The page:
By Jerome Tharaud/Havre Daily Newsemail@example.com
The Havre City Council has agreed to support a grass-roots poverty reduction project that could mean millions of dollars for north-central Montana in the next 10 years.
The project is one of several in an eight-state region served by the Northwest Area Foundation, a nonprofit organization based in St. Paul, Minn.
Paul Tuss, executive director of Bear Paw Development Corp., told the council that Hill County and 10 other rural Montana counties were selected by the foundation to use a $600,000 planning grant to develop a comprehensive poverty reduction plan for north-central Montana.
The 11-county region includes Blaine, Cascade, Chouteau, Glacier, Hill, Judith Basin, Liberty, Phillips, Pondera, Teton, and Toole counties, as well as the Blackfeet, Rocky Boy and Fort Belknap Indian reservations. It was selected based on census information, according to the foundation's Web site.
The foundation was started in 1934 by Louis W. Hill, the son of railroad magnate James J. Hill.
Tuss said the original region selected by the foundation about a year and a half ago consisted of 10 counties. Bear Paw Development came back to the foundation with a proposal that Phillips County be included, and the foundation agreed to the inclusion.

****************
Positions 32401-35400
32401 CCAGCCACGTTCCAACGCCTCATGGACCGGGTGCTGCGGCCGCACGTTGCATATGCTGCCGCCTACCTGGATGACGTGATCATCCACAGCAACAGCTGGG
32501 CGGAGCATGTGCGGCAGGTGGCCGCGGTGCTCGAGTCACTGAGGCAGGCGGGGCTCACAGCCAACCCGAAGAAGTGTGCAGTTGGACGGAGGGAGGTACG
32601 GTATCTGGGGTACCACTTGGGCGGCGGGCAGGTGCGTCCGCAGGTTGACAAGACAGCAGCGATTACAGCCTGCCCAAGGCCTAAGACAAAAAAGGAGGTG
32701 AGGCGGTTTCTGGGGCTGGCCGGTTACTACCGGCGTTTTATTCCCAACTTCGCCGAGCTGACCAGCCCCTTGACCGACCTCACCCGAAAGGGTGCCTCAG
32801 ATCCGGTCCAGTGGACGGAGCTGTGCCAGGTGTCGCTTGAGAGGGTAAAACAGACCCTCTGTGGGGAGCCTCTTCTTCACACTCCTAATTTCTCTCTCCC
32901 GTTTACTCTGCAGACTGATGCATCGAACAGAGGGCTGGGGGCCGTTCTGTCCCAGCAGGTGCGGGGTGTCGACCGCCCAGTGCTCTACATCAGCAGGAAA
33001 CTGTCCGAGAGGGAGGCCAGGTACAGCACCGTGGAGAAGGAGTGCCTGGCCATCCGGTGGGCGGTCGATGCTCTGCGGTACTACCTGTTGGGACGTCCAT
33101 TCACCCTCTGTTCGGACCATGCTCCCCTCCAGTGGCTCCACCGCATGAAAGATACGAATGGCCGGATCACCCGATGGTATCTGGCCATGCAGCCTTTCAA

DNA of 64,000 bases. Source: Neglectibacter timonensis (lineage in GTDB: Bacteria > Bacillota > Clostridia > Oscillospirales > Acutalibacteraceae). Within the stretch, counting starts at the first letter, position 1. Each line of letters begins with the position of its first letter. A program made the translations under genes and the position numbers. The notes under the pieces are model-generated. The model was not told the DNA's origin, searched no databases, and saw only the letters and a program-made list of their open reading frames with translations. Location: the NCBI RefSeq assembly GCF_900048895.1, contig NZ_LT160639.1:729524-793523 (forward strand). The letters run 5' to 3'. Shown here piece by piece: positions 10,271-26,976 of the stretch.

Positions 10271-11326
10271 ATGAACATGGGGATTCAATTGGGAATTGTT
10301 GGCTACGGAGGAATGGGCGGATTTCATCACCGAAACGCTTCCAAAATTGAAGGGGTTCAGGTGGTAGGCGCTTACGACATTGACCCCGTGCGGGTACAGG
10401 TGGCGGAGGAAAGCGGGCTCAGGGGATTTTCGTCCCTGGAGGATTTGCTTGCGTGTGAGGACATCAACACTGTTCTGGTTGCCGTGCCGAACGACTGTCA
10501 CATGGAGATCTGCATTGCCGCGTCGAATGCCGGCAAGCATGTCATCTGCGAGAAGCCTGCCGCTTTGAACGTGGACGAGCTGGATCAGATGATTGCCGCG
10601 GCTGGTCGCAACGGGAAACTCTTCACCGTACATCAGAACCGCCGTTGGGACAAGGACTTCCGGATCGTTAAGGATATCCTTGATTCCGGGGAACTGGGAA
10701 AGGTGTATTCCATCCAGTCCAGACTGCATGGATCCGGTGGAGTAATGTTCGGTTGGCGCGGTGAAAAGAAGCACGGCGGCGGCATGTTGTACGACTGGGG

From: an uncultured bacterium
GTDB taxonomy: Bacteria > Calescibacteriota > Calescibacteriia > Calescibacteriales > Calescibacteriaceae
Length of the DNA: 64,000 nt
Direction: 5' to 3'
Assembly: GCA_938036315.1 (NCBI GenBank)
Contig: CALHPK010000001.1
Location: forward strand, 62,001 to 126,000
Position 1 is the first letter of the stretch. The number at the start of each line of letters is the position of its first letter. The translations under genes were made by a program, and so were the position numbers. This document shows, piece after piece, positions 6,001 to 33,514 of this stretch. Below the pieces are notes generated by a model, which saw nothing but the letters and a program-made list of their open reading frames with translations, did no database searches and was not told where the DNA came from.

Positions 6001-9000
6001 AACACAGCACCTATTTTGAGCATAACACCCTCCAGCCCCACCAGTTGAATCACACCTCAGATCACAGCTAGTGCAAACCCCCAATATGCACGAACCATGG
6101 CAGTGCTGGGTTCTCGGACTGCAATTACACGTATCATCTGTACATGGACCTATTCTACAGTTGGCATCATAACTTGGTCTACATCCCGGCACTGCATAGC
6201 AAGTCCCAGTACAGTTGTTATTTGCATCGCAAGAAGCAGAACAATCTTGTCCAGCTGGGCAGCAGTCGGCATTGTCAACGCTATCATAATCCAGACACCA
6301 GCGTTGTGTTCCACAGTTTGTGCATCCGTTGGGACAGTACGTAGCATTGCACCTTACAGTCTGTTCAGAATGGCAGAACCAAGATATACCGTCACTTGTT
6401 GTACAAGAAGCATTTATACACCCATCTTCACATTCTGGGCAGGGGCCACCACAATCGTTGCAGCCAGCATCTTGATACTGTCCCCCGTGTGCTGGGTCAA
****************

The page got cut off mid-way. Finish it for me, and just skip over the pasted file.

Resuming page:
Bear Paw Development is the financial agent for the plan, and has been working on it for the last year, Tuss said.
A group of seven strategy teams of 10 to 20 people each drawn from around the 11-county area began developing the plan in December, Tuss said. Together the teams, which address specific issues like housing, transportation, health care, and economic development, make up the Northcentral Community Ventures Coalition.
Tuss said a separate financial subcommittee has been formed to estimate the cost of the teams' proposals.
Strategic Learning Resources, a Washington state consulting firm, has been hired by Bear Paw Development to put together the proposal to send to the foundation.
The plan is due this summer.
The counties will be competing with communities in Iowa, Idaho and North Dakota, Tuss said. Of those four, one or two will be selected by the foundation in the early fall to benefit from a "long-term funding relationship" that he said would mean $12 million to $16 million over 10 years.
The poverty-reduction plan could require as much as $75 million, Tuss said, and Bear Paw Development is looking for other means of funding to supplement the foundation's grant.
The foundation wants to "prime the financial pump with the money they're going to put into the project, but they fully expect us to be creative in coming up with innovative ways to leverage their money," Tuss said this morning.
Tuss told the council the effort would not require any city money. "This is truly a grass-roots effort," he said. "We're coming up with ideas that are outside the box in terms of poverty- reduction goals."
He said a wide range of groups have helped develop the plan, including public officials, business people and the nonprofitprofit sector, as well as poverty-stricken individuals.
The council authorized the mayor to write a letter to the foundation indicating the council's support for the program. Bear Paw Development is seeking endorsements from all of the local governments within the 11-county area.
Havre Mayor Bob Rice said, "We feel it's a win-win situation for Havre."
"We just appreciate your support," Tuss said. "This is a great project, and we'll just keep our fingers crossed."